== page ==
The operation of the power conveyed by sub-section 2 is limited—“in order to the raising of a revenue for provincial purposes.”—but, in Dow v. Black (1), it was held that this sub-section authorizes the imposition of " direct taxation for a local purpose upon a particular locality within the province,” and is not to be limited to direct taxation,“ only for the purpose of raising revenue for general provincial purposes, that is, taxation incident on the whole province for the general purposes of the whole province.” In that case the tax necessary. to pay a local bonus was directly imposed by the Act impugned, but, bearing in mind the principle of Hodge v. The Queen, as to the delegation of power (see ante, p. 202), the decision in Dow v. Black is sufficient warrant for the whole system of municipal taxation now operative throughout Canada. Had the construction contended for prevailed, the taxing powers of a municipality would have been cut down to license fees under sub-section 9; and direct subsidies from the provincial governments must have been resorted to (m), if indeed that method could have been upheld as being for the general benefit and purposes of the whole province.

What is direct taxation? This question has been under consideration by the Judicial Committee of the Privy Council in several cases, the last being Bank of Toronto v. Lambe (1), in which it was held that a tax imposed upon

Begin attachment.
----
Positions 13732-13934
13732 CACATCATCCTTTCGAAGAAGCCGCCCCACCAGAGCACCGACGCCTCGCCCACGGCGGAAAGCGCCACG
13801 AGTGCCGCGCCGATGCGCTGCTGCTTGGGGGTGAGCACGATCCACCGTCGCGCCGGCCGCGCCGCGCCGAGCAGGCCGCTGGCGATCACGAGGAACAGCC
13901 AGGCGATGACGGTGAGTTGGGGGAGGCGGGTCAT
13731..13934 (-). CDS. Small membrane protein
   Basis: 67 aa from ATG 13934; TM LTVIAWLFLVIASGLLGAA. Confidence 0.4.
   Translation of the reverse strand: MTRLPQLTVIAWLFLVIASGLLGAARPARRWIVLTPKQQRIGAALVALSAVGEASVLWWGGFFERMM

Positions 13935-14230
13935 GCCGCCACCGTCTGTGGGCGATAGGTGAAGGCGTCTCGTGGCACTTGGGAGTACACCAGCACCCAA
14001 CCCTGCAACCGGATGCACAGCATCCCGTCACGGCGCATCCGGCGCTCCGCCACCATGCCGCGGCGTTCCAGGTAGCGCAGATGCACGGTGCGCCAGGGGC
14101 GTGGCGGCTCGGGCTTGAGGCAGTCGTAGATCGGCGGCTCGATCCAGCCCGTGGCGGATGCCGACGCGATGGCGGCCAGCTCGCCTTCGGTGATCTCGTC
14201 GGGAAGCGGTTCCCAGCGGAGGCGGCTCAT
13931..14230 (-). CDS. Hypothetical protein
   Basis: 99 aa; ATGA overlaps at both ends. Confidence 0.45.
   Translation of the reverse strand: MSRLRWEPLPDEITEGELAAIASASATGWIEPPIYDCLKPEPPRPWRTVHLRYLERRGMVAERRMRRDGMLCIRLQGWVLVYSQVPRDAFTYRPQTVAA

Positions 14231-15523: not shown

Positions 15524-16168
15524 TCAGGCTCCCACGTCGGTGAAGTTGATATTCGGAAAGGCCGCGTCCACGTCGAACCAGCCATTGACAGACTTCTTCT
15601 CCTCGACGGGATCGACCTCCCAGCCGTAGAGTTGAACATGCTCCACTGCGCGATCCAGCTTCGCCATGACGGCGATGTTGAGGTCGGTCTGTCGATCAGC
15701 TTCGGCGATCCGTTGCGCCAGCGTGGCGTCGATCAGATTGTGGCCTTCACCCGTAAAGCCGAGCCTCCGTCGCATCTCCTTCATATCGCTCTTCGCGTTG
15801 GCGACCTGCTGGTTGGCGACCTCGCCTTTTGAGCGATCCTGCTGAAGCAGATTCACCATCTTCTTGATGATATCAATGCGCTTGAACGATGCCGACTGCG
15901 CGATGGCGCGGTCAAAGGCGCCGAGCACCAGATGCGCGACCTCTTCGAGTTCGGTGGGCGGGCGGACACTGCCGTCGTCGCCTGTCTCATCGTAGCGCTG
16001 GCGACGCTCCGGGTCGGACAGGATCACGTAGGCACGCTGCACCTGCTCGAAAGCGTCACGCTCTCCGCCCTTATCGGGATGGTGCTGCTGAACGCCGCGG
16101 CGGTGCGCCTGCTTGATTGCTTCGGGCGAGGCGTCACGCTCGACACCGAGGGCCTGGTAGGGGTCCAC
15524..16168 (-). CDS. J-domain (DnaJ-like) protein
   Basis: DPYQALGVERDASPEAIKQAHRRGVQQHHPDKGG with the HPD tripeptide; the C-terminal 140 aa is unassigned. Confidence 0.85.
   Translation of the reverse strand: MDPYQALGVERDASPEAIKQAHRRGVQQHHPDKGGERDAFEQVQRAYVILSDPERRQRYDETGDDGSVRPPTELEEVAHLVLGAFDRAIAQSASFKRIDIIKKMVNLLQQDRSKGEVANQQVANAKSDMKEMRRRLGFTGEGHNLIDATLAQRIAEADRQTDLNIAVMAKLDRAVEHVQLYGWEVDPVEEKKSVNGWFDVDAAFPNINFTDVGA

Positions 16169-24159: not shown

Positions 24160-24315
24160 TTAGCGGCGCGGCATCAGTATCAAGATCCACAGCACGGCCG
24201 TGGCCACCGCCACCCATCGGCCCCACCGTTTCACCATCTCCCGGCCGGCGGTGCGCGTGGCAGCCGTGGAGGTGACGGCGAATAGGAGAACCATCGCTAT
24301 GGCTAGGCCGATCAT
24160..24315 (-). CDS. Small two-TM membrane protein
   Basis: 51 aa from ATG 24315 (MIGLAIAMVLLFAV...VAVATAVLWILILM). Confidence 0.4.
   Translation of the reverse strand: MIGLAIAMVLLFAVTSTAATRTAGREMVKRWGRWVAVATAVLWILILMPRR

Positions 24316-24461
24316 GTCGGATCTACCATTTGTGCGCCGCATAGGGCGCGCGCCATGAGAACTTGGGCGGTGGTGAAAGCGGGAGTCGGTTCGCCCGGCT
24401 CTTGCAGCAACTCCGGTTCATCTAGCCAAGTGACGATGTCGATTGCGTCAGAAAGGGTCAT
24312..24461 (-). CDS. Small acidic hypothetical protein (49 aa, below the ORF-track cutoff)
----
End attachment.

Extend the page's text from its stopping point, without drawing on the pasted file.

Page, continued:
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(1) L. R. 6 P. C. 272.

(m) See, however, Lynch v. Canada N. W. Land Co., 19 S. C. R. 204, in which Chief Justice Ritchie speaks of the power of taxation as being essential to “ municipal institutions.'' See the notes to s. 92, 9.s. 8, post.

(n) 12 App. Cas. 575.

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banks which carry on business within the province, varying in amount with the paid-up, capital, and with the number of its offices, is direct taxation.

“First, is the tax a direct tax ? For the argument of this question, the opinions of a great many writers on political economy have been cited.